When you’re alone with your thoughts in isolation for weeks on end, it takes its toll. Boredom is one thing, but a lack of social interaction can start to wreak havoc on your sanity and heighten feelings of unease and self-doubt. It’s something thousands of people worldwide have struggled with as COVID-19 hit its peak. In order to get some sage advice on dealing with psychological challenges such as this, we spoke to Felicity Aston, a British polar explorer, expedition leader, and former Antarctic scientist. In 2012, she became the first woman to ski alone across Antarctica as she journeyed 1,084 miles over 59 days, earning a place in the Guinness Book of World Records. Here, she talks about the mental toll of that experience. — as told to Wesley Grover
This feature was published as part of a bigger story, Inside the Minds of the World’s Greatest Solo Adventurers. To read the other features, see:
- How to Turn Fear Into Power, According to Solo Adventurer Mike Libecki
- How to Use Meditation to Cope With Loneliness and Negative Self-Talk, According to Solo Explorer Colin O’Brady
- How to Harness Your Mental Strength in Adversity, According to the Late Alpinist David Lama
- How to Battle Your Inner Demons and See the Positives in Hardship, According to Captain Liz Clark
How to Overcome Isolation and Self-Doubt, According to Polar Explorer Felicity Aston
I thought I had prepared really well. Then in the first few seconds of my expedition, certainly the first few days, I realized that I hadn’t prepared at all for the psychological challenges of being alone in that particular environment. The thing about Antarctica is that it’s very otherworldly. It’s absolutely huge and it’s completely empty. When you get away from the coast, there’s no life at all. You’re not going to come across birds or penguins. It does strange things when you’re in that environment day after day, week after week. You feel as if there’s no existence apart from right where you are. That sounds odd to say, but very quickly you start to doubt things you remember.
When I was skiing into this white landscape, the majority of days were pretty shocking, weather-wise. A real, proper Antarctic whiteout is almost blinding. You have no sense of up or down. You have no sense of scale. No contrast, shape, or form of any kind. When you’re staring into that nothingness—and this is not over a matter of hours, but over a matter of days, or occasionally it would be a week or more—your brain isn’t getting any data. You’re not really hearing anything other than the sound of wind in your hood, which is like white noise. You’re not smelling anything. You’re not speaking. There’s just no data at all and your brain starts to fill in the gaps with past experiences. It starts to show you what it thinks you should be seeing. It was probably day 30-something of my expedition when I started to have little hallucinations. I would occasionally hear my name being called, for example. I knew there was no one there, but I would hear a voice calling me. When things like that start happening you think, “Okay, this is a bit concerning.” But what can you do? You just sort of carry on. You’re a bit sleep deprived, you’ve been on your own for a while, and you’re dealing with a level of fear that goes up and down. The fear never goes away, but some days it’s more prevalent than others.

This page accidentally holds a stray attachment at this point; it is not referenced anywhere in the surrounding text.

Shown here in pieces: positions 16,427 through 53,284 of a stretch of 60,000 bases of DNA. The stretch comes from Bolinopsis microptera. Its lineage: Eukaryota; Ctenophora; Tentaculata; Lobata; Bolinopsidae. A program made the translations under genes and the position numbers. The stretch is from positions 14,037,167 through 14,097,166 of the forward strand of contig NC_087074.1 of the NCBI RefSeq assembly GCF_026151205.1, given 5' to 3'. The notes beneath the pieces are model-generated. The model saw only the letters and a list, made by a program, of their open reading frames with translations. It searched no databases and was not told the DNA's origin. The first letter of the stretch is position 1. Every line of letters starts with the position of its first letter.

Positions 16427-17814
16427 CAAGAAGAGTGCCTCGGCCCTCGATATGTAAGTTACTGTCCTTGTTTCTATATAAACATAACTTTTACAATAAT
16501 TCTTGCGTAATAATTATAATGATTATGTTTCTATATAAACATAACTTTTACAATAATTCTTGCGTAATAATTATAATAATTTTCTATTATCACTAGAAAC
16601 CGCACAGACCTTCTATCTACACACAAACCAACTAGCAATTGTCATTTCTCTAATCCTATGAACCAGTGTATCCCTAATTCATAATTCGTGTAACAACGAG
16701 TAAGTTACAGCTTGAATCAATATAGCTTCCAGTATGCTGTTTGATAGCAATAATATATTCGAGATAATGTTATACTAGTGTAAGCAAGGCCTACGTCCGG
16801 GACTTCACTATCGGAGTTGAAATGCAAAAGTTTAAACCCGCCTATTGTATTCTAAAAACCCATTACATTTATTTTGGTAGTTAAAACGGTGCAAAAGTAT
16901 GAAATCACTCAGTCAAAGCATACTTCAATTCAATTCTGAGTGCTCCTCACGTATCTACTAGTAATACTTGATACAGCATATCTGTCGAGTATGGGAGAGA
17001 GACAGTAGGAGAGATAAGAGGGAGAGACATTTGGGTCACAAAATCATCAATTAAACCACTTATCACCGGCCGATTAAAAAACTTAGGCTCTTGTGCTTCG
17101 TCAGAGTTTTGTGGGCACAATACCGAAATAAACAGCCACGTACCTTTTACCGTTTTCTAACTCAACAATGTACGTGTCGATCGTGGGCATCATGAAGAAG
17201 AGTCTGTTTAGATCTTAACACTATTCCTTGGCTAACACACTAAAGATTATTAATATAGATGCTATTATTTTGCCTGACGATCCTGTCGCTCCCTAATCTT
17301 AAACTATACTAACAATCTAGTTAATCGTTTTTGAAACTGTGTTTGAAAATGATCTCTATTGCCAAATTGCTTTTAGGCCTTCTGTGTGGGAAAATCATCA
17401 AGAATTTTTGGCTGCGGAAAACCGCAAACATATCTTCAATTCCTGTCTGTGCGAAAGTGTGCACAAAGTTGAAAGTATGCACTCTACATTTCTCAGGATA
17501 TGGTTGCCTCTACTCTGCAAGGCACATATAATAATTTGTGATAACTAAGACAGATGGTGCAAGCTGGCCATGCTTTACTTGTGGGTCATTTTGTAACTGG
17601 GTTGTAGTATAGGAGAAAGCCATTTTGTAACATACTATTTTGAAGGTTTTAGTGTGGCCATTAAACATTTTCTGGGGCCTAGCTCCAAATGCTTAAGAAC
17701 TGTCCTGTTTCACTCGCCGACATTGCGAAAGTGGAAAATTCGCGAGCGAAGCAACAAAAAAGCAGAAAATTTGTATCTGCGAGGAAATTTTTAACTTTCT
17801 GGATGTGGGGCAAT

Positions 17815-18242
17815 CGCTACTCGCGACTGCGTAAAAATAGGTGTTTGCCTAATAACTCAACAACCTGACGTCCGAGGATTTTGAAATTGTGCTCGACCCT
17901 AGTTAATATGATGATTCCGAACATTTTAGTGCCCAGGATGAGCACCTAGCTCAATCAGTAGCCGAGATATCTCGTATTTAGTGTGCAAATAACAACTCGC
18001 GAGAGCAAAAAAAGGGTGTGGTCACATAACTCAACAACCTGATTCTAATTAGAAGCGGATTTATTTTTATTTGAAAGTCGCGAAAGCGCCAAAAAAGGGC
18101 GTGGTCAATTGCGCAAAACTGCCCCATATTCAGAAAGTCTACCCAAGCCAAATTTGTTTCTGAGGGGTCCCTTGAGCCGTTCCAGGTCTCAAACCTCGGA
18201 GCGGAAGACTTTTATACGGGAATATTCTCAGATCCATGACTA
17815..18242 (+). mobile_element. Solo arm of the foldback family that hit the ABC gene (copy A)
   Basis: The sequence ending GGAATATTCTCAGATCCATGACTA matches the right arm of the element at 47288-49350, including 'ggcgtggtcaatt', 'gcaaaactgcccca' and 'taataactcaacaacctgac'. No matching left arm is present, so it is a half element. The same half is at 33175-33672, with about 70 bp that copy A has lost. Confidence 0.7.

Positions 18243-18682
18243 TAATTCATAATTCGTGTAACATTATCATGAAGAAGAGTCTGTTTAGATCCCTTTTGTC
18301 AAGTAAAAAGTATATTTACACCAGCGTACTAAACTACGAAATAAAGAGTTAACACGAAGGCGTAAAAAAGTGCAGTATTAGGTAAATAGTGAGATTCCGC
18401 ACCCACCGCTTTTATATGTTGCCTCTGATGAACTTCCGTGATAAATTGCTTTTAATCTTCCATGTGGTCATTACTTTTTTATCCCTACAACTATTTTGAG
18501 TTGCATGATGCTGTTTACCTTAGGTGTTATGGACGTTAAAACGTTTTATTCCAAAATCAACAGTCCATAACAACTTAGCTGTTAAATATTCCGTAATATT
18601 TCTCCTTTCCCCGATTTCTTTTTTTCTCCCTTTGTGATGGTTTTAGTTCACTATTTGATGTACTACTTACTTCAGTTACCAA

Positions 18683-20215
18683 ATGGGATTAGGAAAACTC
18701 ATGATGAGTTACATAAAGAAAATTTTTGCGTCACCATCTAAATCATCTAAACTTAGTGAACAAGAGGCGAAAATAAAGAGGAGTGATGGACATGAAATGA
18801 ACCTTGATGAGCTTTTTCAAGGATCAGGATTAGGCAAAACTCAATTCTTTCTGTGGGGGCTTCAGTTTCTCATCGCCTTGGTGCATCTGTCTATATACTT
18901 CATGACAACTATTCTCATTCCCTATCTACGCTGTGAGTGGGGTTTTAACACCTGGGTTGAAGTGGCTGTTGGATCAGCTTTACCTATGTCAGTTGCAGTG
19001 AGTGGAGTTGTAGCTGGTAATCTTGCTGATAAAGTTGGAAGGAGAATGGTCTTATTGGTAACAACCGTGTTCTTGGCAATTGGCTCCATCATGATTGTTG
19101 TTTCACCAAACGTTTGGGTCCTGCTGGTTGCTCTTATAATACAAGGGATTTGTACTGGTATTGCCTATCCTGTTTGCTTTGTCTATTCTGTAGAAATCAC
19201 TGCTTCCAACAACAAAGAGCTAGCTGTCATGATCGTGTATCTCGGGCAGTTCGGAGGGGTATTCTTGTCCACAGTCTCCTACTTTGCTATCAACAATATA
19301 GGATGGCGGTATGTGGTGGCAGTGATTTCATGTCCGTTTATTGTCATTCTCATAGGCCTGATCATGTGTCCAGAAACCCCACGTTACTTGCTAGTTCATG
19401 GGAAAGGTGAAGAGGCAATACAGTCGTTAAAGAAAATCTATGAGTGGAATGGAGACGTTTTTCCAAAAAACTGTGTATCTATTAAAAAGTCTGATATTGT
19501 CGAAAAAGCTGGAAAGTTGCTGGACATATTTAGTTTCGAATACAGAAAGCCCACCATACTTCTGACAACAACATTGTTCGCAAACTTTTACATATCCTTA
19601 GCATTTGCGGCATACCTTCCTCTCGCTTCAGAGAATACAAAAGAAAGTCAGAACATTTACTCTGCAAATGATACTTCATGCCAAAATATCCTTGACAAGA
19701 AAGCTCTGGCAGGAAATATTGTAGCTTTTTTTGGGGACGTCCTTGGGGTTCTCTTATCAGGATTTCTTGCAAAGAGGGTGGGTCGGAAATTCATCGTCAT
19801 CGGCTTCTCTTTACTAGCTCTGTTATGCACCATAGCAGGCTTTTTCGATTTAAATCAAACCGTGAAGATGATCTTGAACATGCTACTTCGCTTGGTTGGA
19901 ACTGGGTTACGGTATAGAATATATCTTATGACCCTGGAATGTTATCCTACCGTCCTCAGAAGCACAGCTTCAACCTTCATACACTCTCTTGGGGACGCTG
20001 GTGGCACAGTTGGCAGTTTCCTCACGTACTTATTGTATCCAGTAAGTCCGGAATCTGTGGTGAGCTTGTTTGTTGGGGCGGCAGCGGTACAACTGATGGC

One of the big differences I’ve found between traveling with a team and traveling by myself is that by myself there was constantly a voice of temptation on my shoulder that I had to find the energy to defeat. Every moment of every day, there’d be a voice saying, “You can pitch your tent now. You can call it a day now. Just get in the warmth for a few hours.” It was always tempting me to take the easy option and do things that I knew weren’t good ideas. Overriding that voice of temptation took a lot of energy. It was exhausting and yet, when you’re out there with a team, that voice just isn’t there. That was one of the biggest differences going alone.
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